Resveratrol: Resveratrol (3,5,4-trihydroxystilbene) is a natural phenol produced by certain plants and found in the skin of red grapes. Resveratrol has been widely accepted as a chemopreventive agent that exerts other positive health effects as well because of its ability to take part in many biological activities. Resveratrol is thought to have antioxidative, anti-inflammatory, anti-cancer, anti-obesity, anti-diabetic, and anti-aging properties. Its positive effects on animal NAFLD models have been shown in several studies. In different studies, Resveratrol decreased NAFLD severity in animal models in the following ways: through TNF-alpha inhibition and antioxidant activities[34], through the activation of AMPK[35,36], by induction of skeletal muscle SIRT1 and SIRT4 expression[37], by increasing the number of mitochondria, and specially, by increasing hepatic uncoupling protein 2 expression[38], decreasing hepatic LDL receptor and SR-BI mRNA and protein expressions[39], and the reduction of nuclear factor-kappaB (NF-kappaB) activity[40].

Clinical trials evaluating the effects of Resveratrol supplementation on NAFLD characteristics are scarce. A recent study, administering Resveratrol vs placebo for eight weeks, not only failed to show any significantly improvements in any NAFLD features in the Resveratrol group, it also showed an increase in hepatic stress, based on increased liver enzyme levels[41]. A different trial however, did find a significant improvement in NAFLD characteristics after 12 wk of supplementation with 500 mg Resveratrol[42]. It appears that the dose and duration of Resveratrol administration is important in its efficacy. Future clinical studies with different dosages and durations are needed to clarify the true impact of Resveratrol treatment in NAFLD/NASH patients[43].

Anthocyanin: Anthocyanins (ACNs) are water-soluble bioactive compounds of the polyphenol class that are present in many plant based products. It has been reported that ACNs decrease hepatic lipid accumulation and may counteract oxidative stress and hepatic inflammation in animal studies, but their benefits in patients with NAFLD has not yet been well elucidated[44]. There is only one study evaluating the effects of ACN on NAFLD patients; Suda et al[45] have reported that supplementation with 400 mg of acylated ACNs could reduce levels of liver enzymes, in particular gamma-glutamyl transferases in patients with NAFLD. This clinical trial had many limitations; liver damage was not directly assessed, fatty liver was not confirmed by direct imaging, and the effect of acylated ACNs was not compared to that of a control food or to the lack of intervention[45]. More research studies are therefore required to evaluate the effects of ACNs supplementation on NAFLD features.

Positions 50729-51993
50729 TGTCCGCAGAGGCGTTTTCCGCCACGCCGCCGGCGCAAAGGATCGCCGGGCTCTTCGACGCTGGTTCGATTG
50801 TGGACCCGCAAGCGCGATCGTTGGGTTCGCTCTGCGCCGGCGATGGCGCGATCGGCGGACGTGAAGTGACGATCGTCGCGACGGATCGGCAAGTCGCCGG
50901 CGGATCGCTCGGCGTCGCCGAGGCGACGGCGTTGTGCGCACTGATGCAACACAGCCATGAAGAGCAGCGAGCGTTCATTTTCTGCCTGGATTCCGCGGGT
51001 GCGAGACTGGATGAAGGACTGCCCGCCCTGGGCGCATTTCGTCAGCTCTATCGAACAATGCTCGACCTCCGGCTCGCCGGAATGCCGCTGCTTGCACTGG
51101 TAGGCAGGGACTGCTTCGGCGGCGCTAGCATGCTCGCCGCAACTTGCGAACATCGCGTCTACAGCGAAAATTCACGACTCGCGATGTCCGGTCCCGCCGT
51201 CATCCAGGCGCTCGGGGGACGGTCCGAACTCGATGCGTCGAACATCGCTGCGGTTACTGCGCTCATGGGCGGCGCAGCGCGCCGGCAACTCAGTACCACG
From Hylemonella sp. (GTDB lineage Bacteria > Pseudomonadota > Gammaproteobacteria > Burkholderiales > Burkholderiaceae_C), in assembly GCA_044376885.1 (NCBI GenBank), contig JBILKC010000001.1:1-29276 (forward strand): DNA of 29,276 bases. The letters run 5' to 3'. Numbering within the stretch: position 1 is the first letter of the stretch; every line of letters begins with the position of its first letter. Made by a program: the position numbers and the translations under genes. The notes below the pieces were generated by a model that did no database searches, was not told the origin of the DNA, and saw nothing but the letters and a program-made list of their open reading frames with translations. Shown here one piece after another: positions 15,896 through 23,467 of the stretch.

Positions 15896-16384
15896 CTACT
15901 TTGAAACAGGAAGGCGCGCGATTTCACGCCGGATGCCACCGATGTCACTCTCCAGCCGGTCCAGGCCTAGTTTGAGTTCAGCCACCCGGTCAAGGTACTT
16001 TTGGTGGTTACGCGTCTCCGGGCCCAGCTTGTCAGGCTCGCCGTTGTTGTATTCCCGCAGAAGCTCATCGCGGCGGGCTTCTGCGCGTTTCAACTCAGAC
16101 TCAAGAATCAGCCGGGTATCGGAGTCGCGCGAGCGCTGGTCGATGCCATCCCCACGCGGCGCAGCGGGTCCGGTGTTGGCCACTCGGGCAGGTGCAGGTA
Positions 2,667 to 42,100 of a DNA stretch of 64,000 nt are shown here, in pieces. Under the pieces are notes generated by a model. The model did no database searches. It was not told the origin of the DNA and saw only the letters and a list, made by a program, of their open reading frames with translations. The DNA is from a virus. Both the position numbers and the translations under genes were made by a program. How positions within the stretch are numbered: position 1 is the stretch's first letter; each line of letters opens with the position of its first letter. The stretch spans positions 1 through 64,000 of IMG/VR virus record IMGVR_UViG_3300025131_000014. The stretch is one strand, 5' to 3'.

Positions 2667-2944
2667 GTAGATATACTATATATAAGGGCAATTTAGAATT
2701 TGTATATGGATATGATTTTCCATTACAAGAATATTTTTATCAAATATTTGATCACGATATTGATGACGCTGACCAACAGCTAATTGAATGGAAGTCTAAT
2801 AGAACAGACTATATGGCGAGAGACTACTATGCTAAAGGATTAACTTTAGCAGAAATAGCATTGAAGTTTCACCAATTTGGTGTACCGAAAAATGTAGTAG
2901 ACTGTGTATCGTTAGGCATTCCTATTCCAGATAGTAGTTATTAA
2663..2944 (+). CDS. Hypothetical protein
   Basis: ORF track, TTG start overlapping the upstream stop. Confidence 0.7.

Green tea extract: It has been shown that the main important green tea polyphenol, epigallocatechin-3-gallate (EGCG), has a positive therapeutic effect on obesity, features of metabolic syndrome, and liver steatosis in mice[46]. In experimental models of NAFLD, EGCG supplementation significantly decreased weight gain, total and visceral body fat, insulin resistance, liver steatosis, serum cholesterol, and monocyte chemoattractant protein concentrations[46].

Both in vitro and in vivo experiments have revealed that green tea and EGCG could prevent steatosis by reducing dietary absorption of lipids and carbohydrates, and by the inhibition of adipose tissue breakdown, and de novo lipogenesis in both hepatic and adipose tissues, through the stimulation of β-oxidation and thermogenesis in the liver, and by improving insulin sensitivity. Furthermore, EGCG may inhibit the development of steatohepatitis from fatty liver disease, through its antioxidant and anti-inflammatory characteristics[47]. Currently, there are no randomized, controlled trials in humans, evaluating the effects of green tea on NAFLD. These studies are needed to provide enough evidence that green tea can effectively prevent the development and/or progression of NAFLD[48].

Coffee: Both epidemiological and animal studies have shown that drinking coffee on a regular basis can decrease the risk of T2DM development[49-51]. A recent case-control study comparing coffee vs non-coffee drinkers showed that fatty liver occurred less frequently in coffee drinkers, and that drinking coffee was inversely associated with the degree of liver brightness, as well as obesity and insulin resistance[52]. Among NASH patients, coffee consumption has been shown to be significantly associated with a reduced risk of fibrosis[53].

More research is needed to determine the protective properties of caffeine against NAFLD. Coffee contains certain phytochemicals with potential antioxidant properties, which may be protective against cardiovascular and liver diseases, and malignancies. The anti-oxidative, anti-inflammatory, and anti-fibrotic properties of coffee might explain its hepatoprotective effects in NAFLD[54,55].

Garlic: Garlic-derived S-allylmercaptocysteine (SAMC) has a therapeutic role in diabetes and nonalcoholic fatty liver disease due to its properties in the regulation of lipogenesis and glucose metabolism[56]. Results of two studies show that SAMC decreases the liver injury caused by NAFLD, while decreasing fat build-up, and collagen formation. This may occur because SAMC takes part in different activities at the molecular level that affect NAFLD, by for example decreasing lipogenesis and restoring lipolysis markers. The expression of pro-fibrogenic factors is also reduced by SAMC, as well as oxidative stress in the liver, by means of cytochrome P450 2E1-dependent pathway inhibition. SAMC may partially prevent NAFLD-induced inflammation as well, by reducing pro-inflammatory mediators, chemokines and suppressor of cytokine signaling. The protective effects of SAMC are also partly shown through its ability to restore the altered phosphorylation status of FFAs-dependent MAP kinase pathways, and to diminish the activity of nuclear transcription factors such as NF-kappaB and AP-1, while reducing apoptosis and enhancing autophagy during NAFLD development[57,58].